Chapter-by-Chapter Outlines


I classify myself as a sort-of pantser. What I mean is that I go in to a first draft with main characters, backstory, and a basic idea of the plot and maybe some research (if applicable). And then I go off into the chaos and fury of a first draft.

For whatever reason, I already know what I want endgame to be in this upcoming NaNo project. So, to stave off any urges to cheat and dive in to my first draft, I’m writing my outline. I started in my usual way. Setting: New York City, roughly this year, but could be next year. Characters: Emma, Ailey, Colin, Lily and some minor characters. Backstory: Emma’s family is political, she is not particularly politically-inclined. In fact, she’s agoraphobic. Colin’s an actor, the son of jobbing actors, and becoming a bit more well-known.

And then a weird thing happened. Because I decided on my NaNoWriMo project so early, I found myself thinking about my characters a lot. How did they meet? What were their impressions of each other? Then I started a chapter-by-chapter outline. I’m on Chapter 13 now. This is the first time I’ve actually done a chapter-by-chapter outline of anything I’ve written.

Not entirely true: I did a chapter-by-chapter thing for the very first incarnation of the Keegan Inheritance, back when I thought of it as a romance novel. But the descriptions were vague. For example:

Chapter 10: It is time for Madeline to call on Laura. Henry tells Madeline that the house belongs to a French spy. Madeline and Laura have an awkward visit. Louis comes home to find Laura saying good-bye to Madeline. 

Chapter 11 in the NaNo project looks like:
Susan, Lily’s mom, has been busy organizing Vivian’s house after the death. Vivian lived in a nice, suburban, smallish house near the Nassau/Queens border on the North Shore of the Long Island…The furniture and other stuff will have to be accounted for…Susan, Bob, and Emma’s dad decide what they want to keep. The kids get to work organizing the basement and the attic. Emma, Bryce, and Robin are in the basement. All they find are boxes of grandpa’s things, old Christmas decorations, broken stuff, old computer equipment. Bryce carries the boxes up.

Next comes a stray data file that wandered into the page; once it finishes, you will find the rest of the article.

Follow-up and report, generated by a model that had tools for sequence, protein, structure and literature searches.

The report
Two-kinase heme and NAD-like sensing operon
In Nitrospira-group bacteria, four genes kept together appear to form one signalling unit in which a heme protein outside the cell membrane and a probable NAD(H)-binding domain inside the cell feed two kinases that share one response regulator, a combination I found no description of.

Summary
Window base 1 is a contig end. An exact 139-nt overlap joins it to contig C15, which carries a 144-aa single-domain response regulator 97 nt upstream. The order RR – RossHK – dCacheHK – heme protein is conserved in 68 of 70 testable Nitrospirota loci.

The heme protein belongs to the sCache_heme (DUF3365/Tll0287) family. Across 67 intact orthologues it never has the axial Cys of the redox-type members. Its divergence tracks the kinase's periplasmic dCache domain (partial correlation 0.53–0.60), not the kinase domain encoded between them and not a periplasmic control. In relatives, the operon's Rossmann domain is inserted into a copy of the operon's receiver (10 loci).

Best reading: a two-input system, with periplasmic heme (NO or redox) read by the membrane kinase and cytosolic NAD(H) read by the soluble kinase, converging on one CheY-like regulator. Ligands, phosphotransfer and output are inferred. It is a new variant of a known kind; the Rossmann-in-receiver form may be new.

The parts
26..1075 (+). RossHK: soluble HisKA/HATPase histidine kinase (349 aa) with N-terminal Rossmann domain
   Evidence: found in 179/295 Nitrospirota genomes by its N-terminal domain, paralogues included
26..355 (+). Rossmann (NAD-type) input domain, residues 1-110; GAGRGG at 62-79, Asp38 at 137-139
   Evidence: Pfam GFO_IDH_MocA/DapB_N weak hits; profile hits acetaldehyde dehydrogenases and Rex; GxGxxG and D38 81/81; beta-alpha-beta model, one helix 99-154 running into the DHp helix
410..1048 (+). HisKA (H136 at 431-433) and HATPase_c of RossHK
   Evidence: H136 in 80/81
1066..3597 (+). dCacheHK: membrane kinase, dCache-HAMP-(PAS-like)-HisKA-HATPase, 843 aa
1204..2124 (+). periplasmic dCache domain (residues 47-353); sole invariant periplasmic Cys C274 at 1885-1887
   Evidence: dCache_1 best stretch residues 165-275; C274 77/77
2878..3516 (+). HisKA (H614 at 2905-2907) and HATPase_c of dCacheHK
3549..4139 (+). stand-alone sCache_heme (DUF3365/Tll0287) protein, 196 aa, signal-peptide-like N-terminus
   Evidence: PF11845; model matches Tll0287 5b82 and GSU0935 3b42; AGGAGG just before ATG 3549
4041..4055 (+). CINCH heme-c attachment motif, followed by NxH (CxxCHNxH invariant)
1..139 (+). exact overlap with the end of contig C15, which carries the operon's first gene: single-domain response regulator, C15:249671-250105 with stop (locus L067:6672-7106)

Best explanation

It’s actually more detailed that that, but who knows what’ll change before November? I’m going for 80,000 words this year. I’ve already won NaNo twice with 50,000. Let’s up the ante a little. I hope that organizing my story beforehand will help me fix necessary things before I dive in to the madness of November.

Do you do chapter-by-chapter outlines? How detailed are they?

6 thoughts on “Chapter-by-Chapter Outlines

  1. Sadly for me, chapter-by-chapter outlines don't work. I've tried and when I'm done my little muse says, huh, already written the story, I'm bored. So I write very loose outlines – and I do mean loose. Only the high points and subplot tie-ins get much preparation. Other than that, nadda. I know where I'm going but not exactly how I'm going to get there. I like the mystery. Good luck with NaNo!


  2. Wow! That's pretty impressive. My outlines can't get that detailed without me writing bits of the story. My version of outlining is like your first example. Very basic. At most I go on for half a page, but that's usually only of I have very specific details that I don't want to forget. I do have a couple of more detailed outlines for a series idea that I have. I needed to work the plot out in my head, see if it would work. I actually write a lot faster if I start with an outline like that because I never have go slow down and figure out what's next. Hmm…decisions. Lol!


  3. I'm trying it out, seeing how it goes. Usually I'd say that my first draft is the outline because with the last project, I'm an exploratory writer. But then I never seem to know what the ending to any given story is and that annoys me!


  4. I'm trying to see if outlining it like this will help. It's the first time I've felt like outlining in so much detail without being absolutely bored to death. Hopefully November will go smoothly and I can try to carry over more detailed outlining on to my other projects, too. It would save me a lot of grief!


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